(Sorry, this is a bit of a lame-arse review, because it is late & I have been onna train for over 7 hrs.)
juliet: Shot of my bookshelves at home (books)
(today is the day for many postings...)

Only one more book to go on the list! This one was recommended by [livejournal.com profile] envoy, and it is about BIKES. Specifically, about couriers (the subtitle is "Bike Messengers and the Cult of Human Power") & Chicago.

The blurb describes his prose as 'poetic' - this is kind of true, but sometimes it gets a bit much. It's almost frenetic sometimes: you get the feeling that he's the sort of person who's always on the move. And of course this links in nicely with the way he talks about riding as a courier: the focus on speed, the way in which it takes over your body and your life, that you almost can't stop moving even when you get home at night. I recognise that feeling: the muscle-twitch you get after a long ride which along with the time it takes the adrenaline to disperse makes falling asleep incredibly hard[0] right until it suddenly all gives way and you collapse.

I could also recognise the way he talks about riding city streets, and reading the traffic. Obviously I'm not a courier and I don't do this full-time; but I've spent a lot of time over the last 7 years riding around London, and you do pick up a feel for how the traffic moves and how to put yourself smoothly into and around it. Which can also take a certain amount of nerve, but when it's working, it's an amazing feeling. (I am going to stay away from his take on the Red Light Argument, other than to say that it's interesting, that I can see his point, and that of *course* couriers are going to jump lights when they can get away with it, they're on pay-per-delivery and not high pay at that.)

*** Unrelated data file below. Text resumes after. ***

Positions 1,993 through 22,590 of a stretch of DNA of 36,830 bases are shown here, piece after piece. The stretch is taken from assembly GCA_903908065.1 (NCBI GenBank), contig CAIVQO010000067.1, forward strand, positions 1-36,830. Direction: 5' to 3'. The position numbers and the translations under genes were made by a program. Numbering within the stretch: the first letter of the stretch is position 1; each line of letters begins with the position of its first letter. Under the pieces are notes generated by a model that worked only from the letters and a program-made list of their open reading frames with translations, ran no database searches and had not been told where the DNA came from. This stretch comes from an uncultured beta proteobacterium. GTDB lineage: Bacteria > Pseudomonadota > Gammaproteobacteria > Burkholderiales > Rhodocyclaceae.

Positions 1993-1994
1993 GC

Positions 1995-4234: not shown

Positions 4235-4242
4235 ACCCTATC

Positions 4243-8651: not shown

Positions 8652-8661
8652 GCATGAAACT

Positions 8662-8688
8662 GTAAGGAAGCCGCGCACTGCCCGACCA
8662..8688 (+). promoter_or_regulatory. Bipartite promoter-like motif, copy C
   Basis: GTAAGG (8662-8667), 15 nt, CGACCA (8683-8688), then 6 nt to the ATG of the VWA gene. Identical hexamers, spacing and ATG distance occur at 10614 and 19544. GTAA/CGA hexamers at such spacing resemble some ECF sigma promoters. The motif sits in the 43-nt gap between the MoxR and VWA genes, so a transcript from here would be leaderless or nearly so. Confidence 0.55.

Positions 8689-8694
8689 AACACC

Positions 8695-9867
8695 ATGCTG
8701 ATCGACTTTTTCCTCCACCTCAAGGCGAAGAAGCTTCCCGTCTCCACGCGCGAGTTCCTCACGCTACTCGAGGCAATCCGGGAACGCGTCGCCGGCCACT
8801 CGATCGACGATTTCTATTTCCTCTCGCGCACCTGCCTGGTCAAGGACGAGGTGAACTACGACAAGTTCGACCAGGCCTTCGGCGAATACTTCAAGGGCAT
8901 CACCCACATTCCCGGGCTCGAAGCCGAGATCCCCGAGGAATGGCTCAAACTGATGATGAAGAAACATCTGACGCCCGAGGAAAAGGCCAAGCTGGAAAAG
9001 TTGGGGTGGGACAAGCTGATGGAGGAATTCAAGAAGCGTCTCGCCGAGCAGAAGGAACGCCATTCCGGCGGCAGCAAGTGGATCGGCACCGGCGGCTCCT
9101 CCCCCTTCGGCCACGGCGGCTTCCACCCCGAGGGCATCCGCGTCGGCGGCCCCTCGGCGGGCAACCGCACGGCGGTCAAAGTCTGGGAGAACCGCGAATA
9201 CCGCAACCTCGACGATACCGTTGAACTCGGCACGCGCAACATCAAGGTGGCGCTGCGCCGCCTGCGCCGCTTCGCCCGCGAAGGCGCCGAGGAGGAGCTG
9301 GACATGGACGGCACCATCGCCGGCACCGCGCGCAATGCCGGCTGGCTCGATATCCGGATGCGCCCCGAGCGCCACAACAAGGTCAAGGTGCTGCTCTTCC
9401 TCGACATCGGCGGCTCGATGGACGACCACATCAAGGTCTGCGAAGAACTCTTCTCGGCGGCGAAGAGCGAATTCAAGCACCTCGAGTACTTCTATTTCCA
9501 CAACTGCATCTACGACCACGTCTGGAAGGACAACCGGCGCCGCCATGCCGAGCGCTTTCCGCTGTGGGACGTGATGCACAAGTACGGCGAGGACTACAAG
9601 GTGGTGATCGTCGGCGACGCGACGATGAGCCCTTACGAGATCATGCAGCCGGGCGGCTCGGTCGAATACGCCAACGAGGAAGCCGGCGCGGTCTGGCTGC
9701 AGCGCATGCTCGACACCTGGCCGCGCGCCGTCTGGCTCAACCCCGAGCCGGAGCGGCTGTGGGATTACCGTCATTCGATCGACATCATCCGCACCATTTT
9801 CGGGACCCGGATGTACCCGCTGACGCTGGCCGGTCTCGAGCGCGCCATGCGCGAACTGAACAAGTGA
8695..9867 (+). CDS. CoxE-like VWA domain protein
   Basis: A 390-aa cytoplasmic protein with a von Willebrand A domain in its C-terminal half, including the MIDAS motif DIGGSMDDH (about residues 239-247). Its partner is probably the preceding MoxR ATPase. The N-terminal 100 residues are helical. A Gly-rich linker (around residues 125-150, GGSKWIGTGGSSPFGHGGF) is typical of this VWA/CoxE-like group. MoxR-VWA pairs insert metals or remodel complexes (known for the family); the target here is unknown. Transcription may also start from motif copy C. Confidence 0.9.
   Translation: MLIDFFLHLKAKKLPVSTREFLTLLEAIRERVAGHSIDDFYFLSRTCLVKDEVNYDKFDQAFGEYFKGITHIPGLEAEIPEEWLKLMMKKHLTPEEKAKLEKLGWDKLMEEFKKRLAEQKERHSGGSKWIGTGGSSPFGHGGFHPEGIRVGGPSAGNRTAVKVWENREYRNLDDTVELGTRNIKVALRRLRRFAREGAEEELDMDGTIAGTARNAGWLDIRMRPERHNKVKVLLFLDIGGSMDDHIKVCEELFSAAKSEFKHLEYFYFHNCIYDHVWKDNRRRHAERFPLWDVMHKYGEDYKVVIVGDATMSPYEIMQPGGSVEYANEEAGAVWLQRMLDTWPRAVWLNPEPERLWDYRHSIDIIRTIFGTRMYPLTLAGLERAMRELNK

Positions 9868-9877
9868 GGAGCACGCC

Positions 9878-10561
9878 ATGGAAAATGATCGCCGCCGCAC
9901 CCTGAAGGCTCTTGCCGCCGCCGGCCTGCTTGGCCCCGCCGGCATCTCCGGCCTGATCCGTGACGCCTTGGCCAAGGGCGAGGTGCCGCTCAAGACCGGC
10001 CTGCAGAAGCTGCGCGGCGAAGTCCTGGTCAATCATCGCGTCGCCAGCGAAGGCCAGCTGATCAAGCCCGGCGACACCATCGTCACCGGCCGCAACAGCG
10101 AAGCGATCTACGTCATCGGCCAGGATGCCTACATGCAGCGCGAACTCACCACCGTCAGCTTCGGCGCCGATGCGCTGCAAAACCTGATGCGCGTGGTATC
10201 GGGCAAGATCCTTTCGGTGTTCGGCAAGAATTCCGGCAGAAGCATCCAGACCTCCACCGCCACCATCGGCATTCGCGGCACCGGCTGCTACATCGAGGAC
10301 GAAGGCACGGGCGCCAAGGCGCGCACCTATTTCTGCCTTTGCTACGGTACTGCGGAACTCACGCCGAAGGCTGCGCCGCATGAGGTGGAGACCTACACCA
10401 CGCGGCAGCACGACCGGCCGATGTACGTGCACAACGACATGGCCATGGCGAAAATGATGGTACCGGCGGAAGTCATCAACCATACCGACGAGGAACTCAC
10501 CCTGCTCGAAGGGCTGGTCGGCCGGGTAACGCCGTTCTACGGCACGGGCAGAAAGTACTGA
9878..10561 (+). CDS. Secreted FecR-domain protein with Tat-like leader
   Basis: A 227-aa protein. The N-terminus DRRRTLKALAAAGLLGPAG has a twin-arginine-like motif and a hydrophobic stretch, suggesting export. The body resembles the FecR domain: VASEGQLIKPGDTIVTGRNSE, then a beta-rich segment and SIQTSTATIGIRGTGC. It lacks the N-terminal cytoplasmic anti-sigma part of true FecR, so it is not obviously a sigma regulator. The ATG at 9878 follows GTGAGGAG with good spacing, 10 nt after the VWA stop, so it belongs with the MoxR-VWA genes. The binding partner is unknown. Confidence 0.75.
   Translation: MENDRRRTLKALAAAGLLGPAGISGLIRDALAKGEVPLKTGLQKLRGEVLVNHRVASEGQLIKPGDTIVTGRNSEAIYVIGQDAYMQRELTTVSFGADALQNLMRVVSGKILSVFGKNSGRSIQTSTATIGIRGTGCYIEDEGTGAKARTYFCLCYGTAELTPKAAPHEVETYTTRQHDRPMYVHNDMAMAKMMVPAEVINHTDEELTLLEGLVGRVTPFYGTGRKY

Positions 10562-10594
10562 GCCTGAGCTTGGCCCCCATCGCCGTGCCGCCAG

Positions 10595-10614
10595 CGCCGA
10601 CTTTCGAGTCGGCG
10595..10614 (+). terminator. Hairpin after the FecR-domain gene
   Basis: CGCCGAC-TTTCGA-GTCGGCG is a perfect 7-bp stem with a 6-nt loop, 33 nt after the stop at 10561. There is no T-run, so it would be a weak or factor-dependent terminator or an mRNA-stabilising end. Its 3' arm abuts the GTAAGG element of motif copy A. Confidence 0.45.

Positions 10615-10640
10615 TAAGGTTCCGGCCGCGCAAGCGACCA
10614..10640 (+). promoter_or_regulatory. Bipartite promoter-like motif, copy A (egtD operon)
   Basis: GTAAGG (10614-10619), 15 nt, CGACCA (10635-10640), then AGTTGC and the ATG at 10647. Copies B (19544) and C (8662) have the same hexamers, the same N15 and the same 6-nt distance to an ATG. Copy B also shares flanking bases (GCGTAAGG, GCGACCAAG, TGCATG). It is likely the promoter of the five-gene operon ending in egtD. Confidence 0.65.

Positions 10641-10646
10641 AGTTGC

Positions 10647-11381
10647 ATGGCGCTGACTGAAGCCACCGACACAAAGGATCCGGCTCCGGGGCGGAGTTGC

He talks a bit about Critical Mass, as well - he was involved while the Chicago police decided to crack down on CM by arresting everyone in sight, and of course that wound up upping the activism. I was interested as well by what he says about the tension between his activist involvement & his courier job (or more accurately, his colleagues): that the couriers weren't all that interested, in many cases, in the activism side of things. (Although I think in most or even all cities where there's a CM, there's tended to be at least some courier involvement.)